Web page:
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Hoffmann, R. A wiki for the life sciences where authorship matters. Nature Genetics (2008)
 
 
 
 
 

Reaction mechanism of the Co2+-activated multifunctional bromoperoxidase-esterase from Pseudomonas putida IF-3.

The reaction mechanism of the Co2+-activated bromoperoxidase-esterase of Pseudomonas putida IF-3 was studied. Site-directed mutagenesis suggested that the serine residue of the catalytic triad conserved in serine hydrolases participates in the bromination and ester hydrolysis reactions. The enzyme released a trace amount of free peracetic acid depending on the concentration of H2O2, which had been considered the intermediate in the reaction of nonmetal haloperoxidases to oxidize halide ions to hypohalous acid. However, the formation of free peracetic acid could not explain the enzyme activation effect by Co2+ ions which completely depleted the free peracetic acid. In addition, the kcat value of the enzymatic bromination was 900-fold higher than the rate constant of free peracetic acid-mediated bromination. Those results strongly suggested that the peracetic acid-like intermediate formed at the catalytic site is the true intermediate and that the formation of free peracetic acid is only a minor reaction involving the enzyme. We propose the possible reaction mechanism of this multifunctional enzyme based on these findings.[1]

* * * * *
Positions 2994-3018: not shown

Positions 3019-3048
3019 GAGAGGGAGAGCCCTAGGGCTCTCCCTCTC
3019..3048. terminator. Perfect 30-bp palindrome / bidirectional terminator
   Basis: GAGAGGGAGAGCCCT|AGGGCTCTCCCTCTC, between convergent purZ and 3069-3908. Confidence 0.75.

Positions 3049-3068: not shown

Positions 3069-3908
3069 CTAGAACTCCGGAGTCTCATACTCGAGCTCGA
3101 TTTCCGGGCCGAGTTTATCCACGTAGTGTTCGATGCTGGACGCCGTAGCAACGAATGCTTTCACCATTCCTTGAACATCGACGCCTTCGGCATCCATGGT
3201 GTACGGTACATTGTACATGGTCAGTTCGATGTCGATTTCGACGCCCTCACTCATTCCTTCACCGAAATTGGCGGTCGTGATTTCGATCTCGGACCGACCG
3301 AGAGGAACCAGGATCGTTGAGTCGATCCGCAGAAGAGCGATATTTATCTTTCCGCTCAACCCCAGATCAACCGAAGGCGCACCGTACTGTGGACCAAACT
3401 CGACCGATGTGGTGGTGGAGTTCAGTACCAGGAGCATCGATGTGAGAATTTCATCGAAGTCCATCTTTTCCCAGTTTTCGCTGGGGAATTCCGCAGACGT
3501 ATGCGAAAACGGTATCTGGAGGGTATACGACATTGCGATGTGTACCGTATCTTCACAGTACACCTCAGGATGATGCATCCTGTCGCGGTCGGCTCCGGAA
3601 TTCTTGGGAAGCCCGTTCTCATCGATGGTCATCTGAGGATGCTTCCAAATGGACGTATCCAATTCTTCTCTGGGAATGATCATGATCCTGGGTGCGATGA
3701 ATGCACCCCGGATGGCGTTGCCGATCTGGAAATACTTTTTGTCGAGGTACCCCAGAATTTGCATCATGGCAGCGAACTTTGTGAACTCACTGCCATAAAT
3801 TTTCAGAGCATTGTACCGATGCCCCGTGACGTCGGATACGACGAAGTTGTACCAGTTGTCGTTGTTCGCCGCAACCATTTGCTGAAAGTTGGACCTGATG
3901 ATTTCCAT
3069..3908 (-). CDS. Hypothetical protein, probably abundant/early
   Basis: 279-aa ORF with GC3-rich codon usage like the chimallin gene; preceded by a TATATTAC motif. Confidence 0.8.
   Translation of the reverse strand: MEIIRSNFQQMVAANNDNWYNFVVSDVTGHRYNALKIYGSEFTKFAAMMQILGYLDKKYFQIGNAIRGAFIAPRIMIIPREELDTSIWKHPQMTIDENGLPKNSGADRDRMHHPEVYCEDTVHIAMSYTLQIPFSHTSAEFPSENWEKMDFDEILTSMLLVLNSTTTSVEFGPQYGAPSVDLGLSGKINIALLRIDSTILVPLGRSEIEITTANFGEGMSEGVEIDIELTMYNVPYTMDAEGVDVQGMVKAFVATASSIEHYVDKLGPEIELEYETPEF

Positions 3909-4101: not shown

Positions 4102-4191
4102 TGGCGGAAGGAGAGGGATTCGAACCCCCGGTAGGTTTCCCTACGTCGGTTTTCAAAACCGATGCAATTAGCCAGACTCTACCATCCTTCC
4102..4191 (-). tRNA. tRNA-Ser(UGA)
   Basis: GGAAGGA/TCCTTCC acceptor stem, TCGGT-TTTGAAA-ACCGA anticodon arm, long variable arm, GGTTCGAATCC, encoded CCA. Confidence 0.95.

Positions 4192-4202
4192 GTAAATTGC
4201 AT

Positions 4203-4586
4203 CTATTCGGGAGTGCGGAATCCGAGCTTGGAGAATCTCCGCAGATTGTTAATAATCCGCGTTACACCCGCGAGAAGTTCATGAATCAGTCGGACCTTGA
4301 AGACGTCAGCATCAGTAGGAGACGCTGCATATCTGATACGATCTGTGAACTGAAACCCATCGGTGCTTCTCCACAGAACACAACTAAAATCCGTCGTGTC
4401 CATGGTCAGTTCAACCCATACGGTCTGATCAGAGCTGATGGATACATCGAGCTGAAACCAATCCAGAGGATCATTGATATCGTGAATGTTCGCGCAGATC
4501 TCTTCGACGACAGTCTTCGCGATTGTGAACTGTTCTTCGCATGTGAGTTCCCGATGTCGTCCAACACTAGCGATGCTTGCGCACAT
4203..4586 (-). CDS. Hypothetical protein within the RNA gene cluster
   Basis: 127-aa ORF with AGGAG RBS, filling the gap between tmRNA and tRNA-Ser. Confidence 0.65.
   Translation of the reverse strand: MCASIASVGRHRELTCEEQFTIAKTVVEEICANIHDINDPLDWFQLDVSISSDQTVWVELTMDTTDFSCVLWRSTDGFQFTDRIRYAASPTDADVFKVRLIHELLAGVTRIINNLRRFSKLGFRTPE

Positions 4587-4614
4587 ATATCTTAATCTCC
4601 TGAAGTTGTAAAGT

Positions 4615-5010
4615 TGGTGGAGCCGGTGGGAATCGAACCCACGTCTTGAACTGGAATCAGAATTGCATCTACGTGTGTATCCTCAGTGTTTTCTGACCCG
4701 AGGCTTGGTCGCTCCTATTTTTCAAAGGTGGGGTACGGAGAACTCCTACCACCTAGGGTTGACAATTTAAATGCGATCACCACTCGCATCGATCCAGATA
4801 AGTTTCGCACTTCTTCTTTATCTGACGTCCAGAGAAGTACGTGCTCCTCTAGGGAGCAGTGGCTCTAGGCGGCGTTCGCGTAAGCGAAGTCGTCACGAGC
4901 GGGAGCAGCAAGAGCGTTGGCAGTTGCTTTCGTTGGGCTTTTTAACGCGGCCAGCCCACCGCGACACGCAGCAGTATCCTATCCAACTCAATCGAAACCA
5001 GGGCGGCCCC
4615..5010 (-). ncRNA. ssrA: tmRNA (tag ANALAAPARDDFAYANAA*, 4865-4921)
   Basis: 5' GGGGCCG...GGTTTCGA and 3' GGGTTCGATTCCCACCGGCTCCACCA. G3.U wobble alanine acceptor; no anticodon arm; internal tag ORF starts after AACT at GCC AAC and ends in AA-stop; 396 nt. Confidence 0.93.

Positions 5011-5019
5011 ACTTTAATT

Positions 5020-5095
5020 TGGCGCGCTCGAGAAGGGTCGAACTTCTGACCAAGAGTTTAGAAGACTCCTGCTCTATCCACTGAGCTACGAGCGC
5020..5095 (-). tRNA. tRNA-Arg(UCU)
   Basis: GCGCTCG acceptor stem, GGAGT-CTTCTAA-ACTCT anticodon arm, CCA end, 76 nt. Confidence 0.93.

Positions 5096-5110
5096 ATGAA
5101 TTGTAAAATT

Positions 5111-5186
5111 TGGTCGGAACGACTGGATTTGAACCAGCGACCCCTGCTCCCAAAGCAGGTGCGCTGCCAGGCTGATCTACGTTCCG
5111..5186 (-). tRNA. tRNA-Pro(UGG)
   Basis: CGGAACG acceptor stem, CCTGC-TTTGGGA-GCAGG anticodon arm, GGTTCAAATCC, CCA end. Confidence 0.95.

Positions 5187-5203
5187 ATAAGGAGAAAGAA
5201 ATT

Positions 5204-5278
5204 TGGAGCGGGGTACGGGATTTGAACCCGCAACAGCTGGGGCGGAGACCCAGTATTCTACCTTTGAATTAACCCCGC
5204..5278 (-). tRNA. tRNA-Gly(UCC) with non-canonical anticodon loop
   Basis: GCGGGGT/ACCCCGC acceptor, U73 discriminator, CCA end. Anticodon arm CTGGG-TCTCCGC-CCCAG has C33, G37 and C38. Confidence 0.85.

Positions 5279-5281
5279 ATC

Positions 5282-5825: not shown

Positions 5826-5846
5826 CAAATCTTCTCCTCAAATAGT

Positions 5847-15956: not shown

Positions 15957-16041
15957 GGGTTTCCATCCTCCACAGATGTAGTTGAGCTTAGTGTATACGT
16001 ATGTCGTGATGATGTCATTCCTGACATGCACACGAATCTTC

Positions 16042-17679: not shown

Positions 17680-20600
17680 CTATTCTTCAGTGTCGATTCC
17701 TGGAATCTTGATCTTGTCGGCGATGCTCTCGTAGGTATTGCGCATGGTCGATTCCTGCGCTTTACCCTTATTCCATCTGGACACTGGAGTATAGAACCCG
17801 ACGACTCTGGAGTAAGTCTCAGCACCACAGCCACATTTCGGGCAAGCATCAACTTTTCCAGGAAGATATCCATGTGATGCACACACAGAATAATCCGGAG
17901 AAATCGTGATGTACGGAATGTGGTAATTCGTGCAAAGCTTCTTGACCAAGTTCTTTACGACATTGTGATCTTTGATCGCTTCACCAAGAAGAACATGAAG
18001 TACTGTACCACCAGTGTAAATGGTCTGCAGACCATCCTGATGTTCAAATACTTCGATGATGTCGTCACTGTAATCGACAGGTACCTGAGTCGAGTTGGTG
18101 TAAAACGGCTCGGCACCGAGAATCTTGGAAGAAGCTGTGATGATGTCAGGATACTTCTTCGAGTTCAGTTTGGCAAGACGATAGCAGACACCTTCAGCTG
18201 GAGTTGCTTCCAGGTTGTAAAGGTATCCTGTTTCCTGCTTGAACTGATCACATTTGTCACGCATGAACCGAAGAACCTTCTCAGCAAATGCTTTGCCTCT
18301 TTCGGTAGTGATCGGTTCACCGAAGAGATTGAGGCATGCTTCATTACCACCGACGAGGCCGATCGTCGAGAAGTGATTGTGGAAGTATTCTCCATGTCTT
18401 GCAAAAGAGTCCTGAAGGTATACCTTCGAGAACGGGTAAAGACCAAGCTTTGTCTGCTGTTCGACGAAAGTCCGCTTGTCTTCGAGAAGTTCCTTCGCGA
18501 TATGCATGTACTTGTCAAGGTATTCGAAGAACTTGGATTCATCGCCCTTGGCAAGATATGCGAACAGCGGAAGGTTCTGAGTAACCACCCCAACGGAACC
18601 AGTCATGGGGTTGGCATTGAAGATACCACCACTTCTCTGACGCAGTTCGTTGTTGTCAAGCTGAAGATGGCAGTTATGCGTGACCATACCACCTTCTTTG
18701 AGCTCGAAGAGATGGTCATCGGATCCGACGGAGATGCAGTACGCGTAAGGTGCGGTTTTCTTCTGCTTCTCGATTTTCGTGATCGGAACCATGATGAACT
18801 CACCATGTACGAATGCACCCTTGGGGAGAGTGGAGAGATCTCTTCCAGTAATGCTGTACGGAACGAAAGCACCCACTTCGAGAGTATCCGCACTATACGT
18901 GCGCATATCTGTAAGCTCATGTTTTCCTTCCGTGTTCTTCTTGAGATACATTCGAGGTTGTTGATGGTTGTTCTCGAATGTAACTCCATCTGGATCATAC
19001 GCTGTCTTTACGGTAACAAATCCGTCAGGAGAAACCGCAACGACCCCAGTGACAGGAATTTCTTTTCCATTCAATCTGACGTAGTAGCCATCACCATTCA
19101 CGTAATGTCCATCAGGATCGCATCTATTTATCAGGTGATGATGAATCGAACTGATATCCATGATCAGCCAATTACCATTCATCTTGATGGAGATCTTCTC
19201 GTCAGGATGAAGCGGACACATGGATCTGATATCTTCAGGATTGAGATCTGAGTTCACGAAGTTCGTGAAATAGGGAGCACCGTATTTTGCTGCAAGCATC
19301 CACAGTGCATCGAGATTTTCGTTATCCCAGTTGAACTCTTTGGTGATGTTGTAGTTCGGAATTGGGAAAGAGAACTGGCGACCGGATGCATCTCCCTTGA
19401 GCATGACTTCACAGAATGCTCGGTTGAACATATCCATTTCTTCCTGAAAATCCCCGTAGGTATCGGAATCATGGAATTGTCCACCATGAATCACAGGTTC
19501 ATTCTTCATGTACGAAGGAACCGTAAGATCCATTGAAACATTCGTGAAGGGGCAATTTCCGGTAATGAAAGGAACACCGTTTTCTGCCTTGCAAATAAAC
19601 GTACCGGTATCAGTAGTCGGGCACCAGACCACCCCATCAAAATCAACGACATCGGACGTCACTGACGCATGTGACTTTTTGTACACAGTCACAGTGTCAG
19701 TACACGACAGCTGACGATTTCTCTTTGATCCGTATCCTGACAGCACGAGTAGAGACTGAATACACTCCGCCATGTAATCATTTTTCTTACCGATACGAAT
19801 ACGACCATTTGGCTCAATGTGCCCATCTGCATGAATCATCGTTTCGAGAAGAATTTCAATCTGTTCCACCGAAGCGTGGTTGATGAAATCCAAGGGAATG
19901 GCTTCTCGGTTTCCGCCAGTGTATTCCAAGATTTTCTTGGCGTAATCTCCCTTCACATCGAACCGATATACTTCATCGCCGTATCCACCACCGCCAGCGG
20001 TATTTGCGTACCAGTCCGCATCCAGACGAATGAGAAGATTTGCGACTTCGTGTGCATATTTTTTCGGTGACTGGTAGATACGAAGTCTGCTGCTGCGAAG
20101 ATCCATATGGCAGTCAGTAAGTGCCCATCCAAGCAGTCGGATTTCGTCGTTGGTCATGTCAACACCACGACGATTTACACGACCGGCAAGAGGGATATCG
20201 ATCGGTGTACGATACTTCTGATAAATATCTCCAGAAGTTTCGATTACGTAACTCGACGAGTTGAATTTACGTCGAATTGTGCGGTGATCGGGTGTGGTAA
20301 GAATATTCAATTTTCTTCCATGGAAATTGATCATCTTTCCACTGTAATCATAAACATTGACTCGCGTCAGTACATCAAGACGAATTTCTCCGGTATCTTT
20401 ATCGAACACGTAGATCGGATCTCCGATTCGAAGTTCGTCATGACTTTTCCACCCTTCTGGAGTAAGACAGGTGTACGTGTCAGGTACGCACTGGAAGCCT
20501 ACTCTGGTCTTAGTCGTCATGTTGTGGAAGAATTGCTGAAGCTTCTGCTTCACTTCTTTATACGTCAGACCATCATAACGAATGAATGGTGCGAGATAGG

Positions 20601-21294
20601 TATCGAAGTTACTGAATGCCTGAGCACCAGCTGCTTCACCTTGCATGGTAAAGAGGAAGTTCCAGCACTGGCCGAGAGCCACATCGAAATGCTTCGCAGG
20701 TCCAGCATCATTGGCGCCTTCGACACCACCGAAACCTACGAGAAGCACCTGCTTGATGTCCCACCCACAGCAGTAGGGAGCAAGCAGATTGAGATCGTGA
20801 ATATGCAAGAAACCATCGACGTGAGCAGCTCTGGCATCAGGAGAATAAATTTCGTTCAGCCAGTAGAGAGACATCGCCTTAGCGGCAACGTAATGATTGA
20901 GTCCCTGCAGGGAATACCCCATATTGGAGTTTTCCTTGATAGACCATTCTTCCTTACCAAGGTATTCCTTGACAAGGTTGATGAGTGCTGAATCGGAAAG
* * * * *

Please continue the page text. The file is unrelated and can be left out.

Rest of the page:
References

  1. Reaction mechanism of the Co2+-activated multifunctional bromoperoxidase-esterase from Pseudomonas putida IF-3. Kawanami, T., Miyakoshi, M., Dairi, T., Itoh, N. Arch. Biochem. Biophys. (2002) [Pubmed]
 
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